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Knights is a really nice chess game with support for playing against multiple computer chess engine opponents as well as online play against human opponents. It supports board themes, a few are included and numerous others are available as downloadable addons.

Features and usability

Knights is easy to use. Simply click the New Game icon or choose Game, New from the menu and choose if you want a computer opponent or an online opponent. Online play requires an account - however, the default suggested server,, has a magical account you can use by logging in with username guest and password guest. That brings you right to a list of opponents you can choose from.

You can easily find a human opponent for some quick play by using the "guest" account on an online server like]]

Knights supports themes. The old version for KDE 3.5 used to come with 15 different boards and 15 different chess-figures. The "modern" version comes with just 5 themes and 4 of them are ugly. That's alright, Settings -> Themes has the option to Get New Themes.. and there are many nice ones available for download.

Knights version 2.6.0 with the "Tux" theme

Knights supports loading and saving of games in the "Portable Game Notation" format. It's pretty standard.

Configuring Computer Opponents

Knights supports both the XBoard and the UCI protocols used by common chess engines. You do need to make sure you have at least one installed.

Installing a package called stockfish, which is available on most distributions, will do fine. stockfish uses the UCI protocol by default and that's all it's able to speak, so you only need to add it with the command stockfish and protocol UCI in Settings ▸ Configure Knights... ▸ Computer Engines if it's not auto-detected by Knights.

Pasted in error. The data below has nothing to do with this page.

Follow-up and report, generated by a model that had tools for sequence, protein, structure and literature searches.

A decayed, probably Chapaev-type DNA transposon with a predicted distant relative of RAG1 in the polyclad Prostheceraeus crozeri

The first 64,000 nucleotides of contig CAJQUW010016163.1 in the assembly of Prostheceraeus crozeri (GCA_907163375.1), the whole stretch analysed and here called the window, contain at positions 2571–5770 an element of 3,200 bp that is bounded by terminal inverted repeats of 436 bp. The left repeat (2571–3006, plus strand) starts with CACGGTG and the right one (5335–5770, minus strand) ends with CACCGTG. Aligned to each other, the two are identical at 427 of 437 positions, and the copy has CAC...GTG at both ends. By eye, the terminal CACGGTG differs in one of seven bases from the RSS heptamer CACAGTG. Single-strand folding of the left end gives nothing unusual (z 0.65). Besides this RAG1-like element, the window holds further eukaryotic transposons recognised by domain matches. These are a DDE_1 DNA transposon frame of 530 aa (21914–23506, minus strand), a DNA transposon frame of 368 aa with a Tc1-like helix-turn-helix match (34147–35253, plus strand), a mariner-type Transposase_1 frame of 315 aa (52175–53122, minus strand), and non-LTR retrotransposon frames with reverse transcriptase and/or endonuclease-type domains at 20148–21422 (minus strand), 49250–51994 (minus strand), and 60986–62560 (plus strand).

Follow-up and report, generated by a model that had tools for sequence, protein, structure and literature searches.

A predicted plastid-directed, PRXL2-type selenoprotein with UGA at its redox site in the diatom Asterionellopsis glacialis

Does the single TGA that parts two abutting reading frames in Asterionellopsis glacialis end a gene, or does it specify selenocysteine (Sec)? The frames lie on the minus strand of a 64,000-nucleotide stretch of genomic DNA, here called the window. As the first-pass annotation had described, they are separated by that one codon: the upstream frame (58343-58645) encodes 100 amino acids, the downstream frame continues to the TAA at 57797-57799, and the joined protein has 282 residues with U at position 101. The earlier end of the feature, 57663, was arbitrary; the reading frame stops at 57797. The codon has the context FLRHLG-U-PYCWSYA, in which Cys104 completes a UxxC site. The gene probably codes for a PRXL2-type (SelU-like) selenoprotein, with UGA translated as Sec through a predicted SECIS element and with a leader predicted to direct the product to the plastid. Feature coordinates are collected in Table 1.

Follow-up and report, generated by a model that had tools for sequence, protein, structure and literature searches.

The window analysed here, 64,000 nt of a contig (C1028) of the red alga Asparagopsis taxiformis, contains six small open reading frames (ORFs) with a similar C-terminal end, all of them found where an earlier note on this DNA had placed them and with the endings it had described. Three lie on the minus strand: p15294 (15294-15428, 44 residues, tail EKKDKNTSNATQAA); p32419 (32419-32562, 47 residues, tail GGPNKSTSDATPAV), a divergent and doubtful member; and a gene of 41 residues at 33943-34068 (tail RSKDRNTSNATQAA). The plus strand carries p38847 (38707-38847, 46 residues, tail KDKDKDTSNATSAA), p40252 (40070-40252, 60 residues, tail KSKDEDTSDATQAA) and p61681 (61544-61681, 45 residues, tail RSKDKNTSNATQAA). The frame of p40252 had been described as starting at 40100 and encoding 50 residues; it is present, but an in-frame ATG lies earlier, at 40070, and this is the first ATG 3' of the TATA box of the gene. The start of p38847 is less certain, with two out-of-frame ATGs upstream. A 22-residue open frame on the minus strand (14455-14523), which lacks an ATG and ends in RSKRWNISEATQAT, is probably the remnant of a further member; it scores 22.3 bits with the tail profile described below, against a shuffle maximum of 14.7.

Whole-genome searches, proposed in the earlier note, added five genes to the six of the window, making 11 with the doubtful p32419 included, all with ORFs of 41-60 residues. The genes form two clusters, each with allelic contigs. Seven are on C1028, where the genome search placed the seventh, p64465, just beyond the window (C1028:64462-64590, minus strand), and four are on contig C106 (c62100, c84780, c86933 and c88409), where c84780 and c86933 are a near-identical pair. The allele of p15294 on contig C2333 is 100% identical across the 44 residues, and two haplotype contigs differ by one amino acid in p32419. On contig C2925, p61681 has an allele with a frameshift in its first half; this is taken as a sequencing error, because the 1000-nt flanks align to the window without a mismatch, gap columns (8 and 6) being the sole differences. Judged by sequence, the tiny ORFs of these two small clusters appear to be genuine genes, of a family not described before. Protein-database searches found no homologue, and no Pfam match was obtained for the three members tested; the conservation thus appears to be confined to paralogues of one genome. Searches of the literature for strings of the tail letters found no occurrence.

Knights needs to have the GNU Chess engine gnuchess configured with some quirks or it won't work. Chess engines can be manually specified in Settings ▸ Configure Knights... ▸ Computer Engines. This configuration view lets you add or edit chess engines using the fields "Name", "Command" and "Protocol". Knights will fill in a row with GNU Chess if the gnuchess binary is detected - but it won't give it any options. That's a problem because GNU Chess will, by default, start in a terminal mode. It does support the two common chess protocols Knights supports: UCI and XBoard. gnuchess -u and --uci starts it in UCI mode and -x and --xboard starts it in XBoard mode. You will have to add either -u or -x to the Command field in Knights and set the protocol correctly (set UCI if you set the command to gnuchess -u). The Knights program will, foolishly, start showing a red X indicating that it can't find gnuchess once you add an option to it. Don't worry about that, you'll still be able to use it when you start a new game as long as it's configured correctly.

You will get two scripts called gnuchessu and gnuchessx if you install GNU Chess (6.2.8) from source. GNU/Linux distributions don't tend to include those for some reason. You could make your own if you want to:

{{config file|gnuchessu|

# Start GNU Chess in UCI mode, i.e. to behave as a UCI chess engine.
gnuchess --uci ${1+"$@"}

Knights will show a green check-mark next to the GNU Chess engine in it's configuration dialog if you make a script like that and configure the command to be gnuchessu in Knights. It will otherwise make absolutely no difference.


Knights is a really nice chess interface and it is overall the best-looking and most easy to use program of it's kind available for modern Linux systems. You'll want to have it installed if you enjoy playing chess regularly or occasionally.

Chess games ordered by recommendation:
Lichess | Knights | Pychess

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